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A picture named daveTiny.jpgDave Winer, 56, is a visiting scholar at NYU's Arthur L. Carter Journalism Institute and editor of the Scripting News weblog. He pioneered the development of weblogs, syndication (RSS), podcasting, outlining, and web content management software; former contributing editor at Wired Magazine, research fellow at Harvard Law School, entrepreneur, and investor in web media companies. A native New Yorker, he received a Master's in Computer Science from the University of Wisconsin, a Bachelor's in Mathematics from Tulane University and currently lives in New York City.

"The protoblogger." - NY Times.

"The father of modern-day content distribution." - PC World.

"Dave was in a hurry. He had big ideas." -- Harvard.

"Dave Winer is one of the most important figures in the evolution of online media." -- Nieman Journalism Lab.

10 inventors of Internet technologies you may not have heard of. -- Royal Pingdom.

One of BusinessWeek's 25 Most Influential People on the Web.

"Helped popularize blogging, podcasting and RSS." - Time.

"The father of blogging and RSS." - BBC.

"RSS was born in 1997 out of the confluence of Dave Winer's 'Really Simple Syndication' technology, used to push out blog updates, and Netscape's 'Rich Site Summary', which allowed users to create custom Netscape home pages with regularly updated data flows." - Tim O'Reilly.

8/2/11: Who I Am.

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scriptingnews1mail at gmail dot com.




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November 2010

Oct   Dec


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FYI: You're soaking in it. :-)

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Dave Winer's weblog, started in April 1997, bootstrapped the blogging revolution.

Wild speculation on iTunes announcement Permalink.

Just happened to stop in at apple.com this morning and saw this teaser.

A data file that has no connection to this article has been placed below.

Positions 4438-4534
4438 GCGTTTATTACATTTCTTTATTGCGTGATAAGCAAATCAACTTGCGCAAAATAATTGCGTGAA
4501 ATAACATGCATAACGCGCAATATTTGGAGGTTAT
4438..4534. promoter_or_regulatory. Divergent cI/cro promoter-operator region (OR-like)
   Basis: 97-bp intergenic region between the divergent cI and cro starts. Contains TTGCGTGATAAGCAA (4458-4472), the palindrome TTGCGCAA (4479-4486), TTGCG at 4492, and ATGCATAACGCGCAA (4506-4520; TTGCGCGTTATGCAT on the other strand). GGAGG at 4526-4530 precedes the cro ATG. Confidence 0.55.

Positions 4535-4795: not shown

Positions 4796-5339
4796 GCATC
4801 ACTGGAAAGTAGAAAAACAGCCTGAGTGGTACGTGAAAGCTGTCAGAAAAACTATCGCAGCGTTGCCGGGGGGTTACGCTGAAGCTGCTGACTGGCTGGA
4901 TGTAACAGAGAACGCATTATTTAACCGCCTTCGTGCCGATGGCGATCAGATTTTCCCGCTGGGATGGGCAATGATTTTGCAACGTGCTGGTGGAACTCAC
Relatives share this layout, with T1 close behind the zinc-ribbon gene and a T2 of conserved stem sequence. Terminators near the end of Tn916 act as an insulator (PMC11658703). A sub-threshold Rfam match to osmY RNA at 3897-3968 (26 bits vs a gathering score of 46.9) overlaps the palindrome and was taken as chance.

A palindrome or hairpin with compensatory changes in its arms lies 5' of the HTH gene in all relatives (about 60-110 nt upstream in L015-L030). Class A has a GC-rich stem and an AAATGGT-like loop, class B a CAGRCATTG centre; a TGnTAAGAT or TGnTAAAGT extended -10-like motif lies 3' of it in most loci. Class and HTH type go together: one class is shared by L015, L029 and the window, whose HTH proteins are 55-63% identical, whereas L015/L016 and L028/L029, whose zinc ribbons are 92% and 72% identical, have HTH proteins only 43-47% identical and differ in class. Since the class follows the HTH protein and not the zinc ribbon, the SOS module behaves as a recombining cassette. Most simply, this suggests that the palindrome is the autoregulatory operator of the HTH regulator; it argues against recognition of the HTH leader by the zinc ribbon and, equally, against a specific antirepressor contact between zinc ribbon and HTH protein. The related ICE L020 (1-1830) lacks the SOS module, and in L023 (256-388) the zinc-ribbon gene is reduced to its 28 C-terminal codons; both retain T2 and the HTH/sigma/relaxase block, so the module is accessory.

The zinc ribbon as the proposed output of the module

Now what could it be?

A picture named airmote.gifI rolled it around for a bit, and decided to put a stake in the ground. I'm probably way wrong, but maybe there will some other interesting ideas.

I think we're going to see software for the iPhone that turns it into a remote control for iTunes. The two devices would connect over the LAN. And it will do things that a remote has never been able to do, because it has a software-controlled display and it knows what content is on your server that can be played. And it knows about your playlists.

Apple has always shipped fairly useless dinky remotes with Mac Mini's and Apple TVs (I don't think iMacs or laptops come with them) but I've never been able to use them. And likewise, the full-screen software for controlling iTunes is (I find) cumbersome and difficult to control. Seems like the UI for remote control belongs on an iPhone. And btw, there isn't an Android version of the software. Sorry. :-)

That's my wild speculation for today! :-)

PS: I like the idea that Apple is going directly to the customers instead of going through the press. No reason for a middleman here. They are perfectly capable of teasing on their own.

PPS: Names for such a product: iMote, airMote.

PPPS: As has been pointed out in the comments, they already have such a product. Never mind. :-)

Selective realtime location sharing Permalink.

I went to dinner last night with a couple of old friends who live on the Upper West Side. As I left my apartment, I thought I might text them to say I was on my way. As I walked to the train station I thought about an app I wished existed.